Women who are experiencing menopause often become accustomed to living the moment, seeing what new symptoms each day brings, all the while continuing with regular life and responsibilities.
During the unpleasant stage of menopause, there are many symptoms related to it, one of the most uncomfortable would be bloating. Though stomach problems can be caused by any number of foods and certain triggers, one factor that has become more and more noticeable is the development of lactose intolerance during menopause.
What Causes Lactose Intolerance during Menopause?
Like many other health complications in women, fluctuating hormone levels can often be the reason for the onset of stomach problems. Also, some doctors contend that stomach troubles in menopausal women stems from a change in diet. Women should add more fresh fruits and vegetables and complex carbohydrates into their diets.
However, when it comes to lactose intolerance specifically, the body has stopped producing a sufficient supply of lactase — the enzyme in the small intestines that breaks down lactose. People who suffer from this medical condition may experience cramping, bloating, or diarrhea after eating dairy products.
How Can I Get Calcium without Dairy?
The best natural sources for calcium and vitamin D are milk and other dairy products. However, in order to prevent bloating, it is important for people who suffer from lactose intolerance to find other ways to consuming these nutrients. Here are several alternative ways to ensure a healthy calcium intake, without resorting to dairy products:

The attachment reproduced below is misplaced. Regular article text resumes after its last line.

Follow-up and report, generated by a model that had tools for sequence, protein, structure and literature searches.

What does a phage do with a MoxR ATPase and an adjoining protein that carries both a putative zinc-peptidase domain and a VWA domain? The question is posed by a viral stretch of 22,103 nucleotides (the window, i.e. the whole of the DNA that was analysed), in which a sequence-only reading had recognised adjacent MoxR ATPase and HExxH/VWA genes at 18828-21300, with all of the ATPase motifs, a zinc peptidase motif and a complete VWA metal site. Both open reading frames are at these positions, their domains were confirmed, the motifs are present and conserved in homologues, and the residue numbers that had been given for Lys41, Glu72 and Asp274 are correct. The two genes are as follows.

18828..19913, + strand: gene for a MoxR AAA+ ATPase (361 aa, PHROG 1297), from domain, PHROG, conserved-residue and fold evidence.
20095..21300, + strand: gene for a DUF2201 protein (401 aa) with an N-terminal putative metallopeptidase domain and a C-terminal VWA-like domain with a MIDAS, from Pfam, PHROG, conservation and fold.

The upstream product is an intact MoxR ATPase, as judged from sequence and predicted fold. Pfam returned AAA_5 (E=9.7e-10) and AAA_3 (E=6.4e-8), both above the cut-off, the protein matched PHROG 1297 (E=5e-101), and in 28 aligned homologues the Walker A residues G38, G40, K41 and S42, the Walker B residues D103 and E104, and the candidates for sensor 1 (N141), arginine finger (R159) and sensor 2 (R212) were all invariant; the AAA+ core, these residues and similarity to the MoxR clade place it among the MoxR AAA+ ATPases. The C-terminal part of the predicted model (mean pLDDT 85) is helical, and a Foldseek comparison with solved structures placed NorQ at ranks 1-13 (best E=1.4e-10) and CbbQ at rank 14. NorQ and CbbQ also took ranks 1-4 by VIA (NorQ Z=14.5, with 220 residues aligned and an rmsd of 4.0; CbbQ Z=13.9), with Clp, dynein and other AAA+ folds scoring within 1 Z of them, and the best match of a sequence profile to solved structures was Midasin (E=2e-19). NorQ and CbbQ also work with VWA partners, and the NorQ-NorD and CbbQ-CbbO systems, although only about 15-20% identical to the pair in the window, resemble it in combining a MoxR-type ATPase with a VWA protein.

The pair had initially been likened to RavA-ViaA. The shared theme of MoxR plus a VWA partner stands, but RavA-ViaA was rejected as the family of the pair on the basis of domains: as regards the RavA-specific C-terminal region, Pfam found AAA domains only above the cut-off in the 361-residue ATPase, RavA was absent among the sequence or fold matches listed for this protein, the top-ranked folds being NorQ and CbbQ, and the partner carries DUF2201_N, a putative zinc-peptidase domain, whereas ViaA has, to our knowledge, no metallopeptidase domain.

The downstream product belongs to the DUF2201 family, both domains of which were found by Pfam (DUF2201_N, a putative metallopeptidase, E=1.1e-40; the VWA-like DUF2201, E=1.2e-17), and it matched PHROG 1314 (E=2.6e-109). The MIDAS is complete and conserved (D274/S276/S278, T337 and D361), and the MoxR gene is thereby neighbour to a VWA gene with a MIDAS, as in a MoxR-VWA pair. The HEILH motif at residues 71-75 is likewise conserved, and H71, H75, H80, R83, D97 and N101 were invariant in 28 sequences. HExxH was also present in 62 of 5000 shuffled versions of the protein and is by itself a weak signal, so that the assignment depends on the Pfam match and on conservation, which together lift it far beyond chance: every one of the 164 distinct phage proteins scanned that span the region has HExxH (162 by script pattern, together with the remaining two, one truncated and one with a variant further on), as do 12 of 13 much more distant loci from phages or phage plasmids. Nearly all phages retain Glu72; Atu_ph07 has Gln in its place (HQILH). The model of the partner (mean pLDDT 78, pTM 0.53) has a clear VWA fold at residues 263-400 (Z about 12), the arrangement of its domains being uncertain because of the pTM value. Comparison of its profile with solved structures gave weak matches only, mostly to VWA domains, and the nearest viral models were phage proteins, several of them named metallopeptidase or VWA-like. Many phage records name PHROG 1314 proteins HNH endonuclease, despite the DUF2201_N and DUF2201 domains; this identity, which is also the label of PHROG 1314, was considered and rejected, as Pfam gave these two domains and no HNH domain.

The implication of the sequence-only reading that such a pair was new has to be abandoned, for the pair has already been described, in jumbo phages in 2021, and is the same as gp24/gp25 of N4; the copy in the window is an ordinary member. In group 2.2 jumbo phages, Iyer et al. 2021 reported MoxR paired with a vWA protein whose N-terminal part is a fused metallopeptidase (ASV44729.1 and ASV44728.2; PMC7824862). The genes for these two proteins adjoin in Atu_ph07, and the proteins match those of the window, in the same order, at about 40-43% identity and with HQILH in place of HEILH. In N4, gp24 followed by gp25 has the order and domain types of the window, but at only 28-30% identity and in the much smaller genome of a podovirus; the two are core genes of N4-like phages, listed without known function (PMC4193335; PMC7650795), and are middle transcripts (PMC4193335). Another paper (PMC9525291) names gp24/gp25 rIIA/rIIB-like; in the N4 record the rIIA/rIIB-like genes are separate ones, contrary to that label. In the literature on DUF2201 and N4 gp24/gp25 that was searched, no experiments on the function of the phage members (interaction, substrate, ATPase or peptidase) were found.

• Dark, leafy greens like spinach and kale
• Calcium fortified orange juice or soy milk
• Calcium supplements
• Vitamin D supplements
Vitamin D is important to boost the absorption of calcium in the bloodstream. Getting a little sunshine, with the protection of an SPF, counts towards your vitamin D intake, helping break down and absorb calcium.
The reason why is significant when talking about lactose intolerance is that osteoporosis — a symptom of menopause — is mostly attributed to insufficient calcium and vitamin
Talk to your doctor to find out if your stomach irritability is really lactose intolerance, or a product of adjustment to a new diet, irritable bowel syndrome (IBS), or another digestive disorder.
If you are told to stay away from milk products, there are some treatments available that allow lactose intolerant patients to continue eating dairy. To find out more about digestive problems in menopause, follow this link.
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